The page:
During his earthly life and ministry, Jesus gathered many "disciples" around himself, some of whom he also called "apostles," sending them out to preach, teach, and heal others (acc. to the Synoptic Gospels). These apostles, especially Peter and a core group known as "the Twelve," would seem to have been the natural leaders of those who continued to believe in Jesus after his death and resurrection. Yet his "brothers" James and Jude, members of Jesus' own family, evidently also became influential leaders of the early Church, as did Barnabas and Paul and several others who also came to be called "apostles." (Click the links above for more about the disciples, apostles, and family of Jesus).
Soon after the death and resurrection of Jesus, however, the early Christians also began using a variety of other titles for those who led and served the community of believers, as seen in various texts of the New Testament. Some of these titles were used for itinerant preachers who spread the Christian message throughout the Roman empire, while others designated the resident leaders of local communities. At first, the most prominent leaders seem to have been called apostles, prophets, and teachers, among various other titles. Yet by the mid-second century, the church had developed a fairly uniform structure of leadership, consisting of three different "orders" called bishops (overseers), presbyters (elders), and deacons (ministers), despite some ongoing regional variations. In all of this, however, the emphasis was not on the authority or status of the leaders as rulers, but remained on their responsibilities to serve and care for the people in their communities.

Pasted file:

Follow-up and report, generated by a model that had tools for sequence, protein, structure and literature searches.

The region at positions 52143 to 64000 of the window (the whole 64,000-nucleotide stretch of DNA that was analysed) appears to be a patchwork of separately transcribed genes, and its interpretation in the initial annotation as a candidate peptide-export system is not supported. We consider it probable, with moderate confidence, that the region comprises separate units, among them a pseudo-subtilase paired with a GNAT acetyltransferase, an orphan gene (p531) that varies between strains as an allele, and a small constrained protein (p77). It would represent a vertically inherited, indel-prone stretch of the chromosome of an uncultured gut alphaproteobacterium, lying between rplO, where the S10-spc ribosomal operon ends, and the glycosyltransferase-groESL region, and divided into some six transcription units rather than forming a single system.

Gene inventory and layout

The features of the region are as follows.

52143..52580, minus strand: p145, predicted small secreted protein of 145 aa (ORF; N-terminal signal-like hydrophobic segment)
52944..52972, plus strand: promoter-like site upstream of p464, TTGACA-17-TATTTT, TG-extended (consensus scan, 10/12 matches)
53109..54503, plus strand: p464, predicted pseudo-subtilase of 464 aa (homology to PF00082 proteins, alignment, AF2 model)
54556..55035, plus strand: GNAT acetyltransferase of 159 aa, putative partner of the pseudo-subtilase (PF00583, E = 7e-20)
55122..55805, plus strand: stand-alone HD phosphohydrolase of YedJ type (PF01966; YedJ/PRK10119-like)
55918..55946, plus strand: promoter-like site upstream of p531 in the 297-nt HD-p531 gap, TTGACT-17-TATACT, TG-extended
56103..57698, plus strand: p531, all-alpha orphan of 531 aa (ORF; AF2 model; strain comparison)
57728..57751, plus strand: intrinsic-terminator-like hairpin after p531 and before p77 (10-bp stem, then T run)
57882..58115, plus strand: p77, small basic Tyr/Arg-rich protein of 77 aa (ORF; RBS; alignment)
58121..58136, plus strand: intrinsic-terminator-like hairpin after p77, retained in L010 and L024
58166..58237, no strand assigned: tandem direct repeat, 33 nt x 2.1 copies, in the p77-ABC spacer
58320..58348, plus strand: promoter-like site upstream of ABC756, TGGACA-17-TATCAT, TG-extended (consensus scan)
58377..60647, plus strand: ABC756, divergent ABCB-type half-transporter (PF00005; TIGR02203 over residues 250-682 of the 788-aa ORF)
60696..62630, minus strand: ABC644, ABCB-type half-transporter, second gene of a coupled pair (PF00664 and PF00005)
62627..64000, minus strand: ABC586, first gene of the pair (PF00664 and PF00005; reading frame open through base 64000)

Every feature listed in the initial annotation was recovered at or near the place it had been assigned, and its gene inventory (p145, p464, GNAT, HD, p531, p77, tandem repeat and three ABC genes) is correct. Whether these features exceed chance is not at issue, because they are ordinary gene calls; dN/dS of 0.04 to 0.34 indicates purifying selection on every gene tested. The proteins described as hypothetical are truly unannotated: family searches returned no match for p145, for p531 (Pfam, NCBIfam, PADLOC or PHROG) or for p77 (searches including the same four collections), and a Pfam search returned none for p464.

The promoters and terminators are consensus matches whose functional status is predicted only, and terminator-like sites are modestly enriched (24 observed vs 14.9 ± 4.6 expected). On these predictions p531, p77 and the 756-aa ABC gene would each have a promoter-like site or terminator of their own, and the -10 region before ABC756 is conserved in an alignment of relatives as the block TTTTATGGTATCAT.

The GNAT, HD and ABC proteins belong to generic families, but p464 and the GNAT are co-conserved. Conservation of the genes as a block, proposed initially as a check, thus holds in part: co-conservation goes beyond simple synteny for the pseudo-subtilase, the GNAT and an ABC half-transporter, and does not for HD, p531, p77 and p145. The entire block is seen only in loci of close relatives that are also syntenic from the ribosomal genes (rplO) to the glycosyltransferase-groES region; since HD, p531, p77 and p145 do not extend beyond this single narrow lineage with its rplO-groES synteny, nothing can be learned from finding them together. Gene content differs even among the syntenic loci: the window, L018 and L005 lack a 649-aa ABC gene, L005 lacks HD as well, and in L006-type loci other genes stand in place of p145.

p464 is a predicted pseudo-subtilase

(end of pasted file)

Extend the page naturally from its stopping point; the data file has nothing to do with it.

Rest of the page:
Some Foundational NT Texts:
In 1 Corinthians 12:4-31, Paul stresses that the unity of the Christian community (the one "body of Christ") is served by a variety of spiritual gifts and activities, including the speaking of wisdom, knowledge, faith, gifts of healing, working of miracles, prophecy, discernment of spirits, various kinds of tongues, and interpretation of tongues (12:8-10). He continues by rank-ordering some leadership roles: "God has appointed in the church first apostles, second prophets, third teachers; then deeds of power, then gifts of healing, forms of assistance, forms of leadership, various kinds of tongues. Are all apostles? Are all prophets? Are all teachers? Do all work miracles? Do all possess gifts of healing? Do all speak in tongues? Do all interpret?" (12:28-30).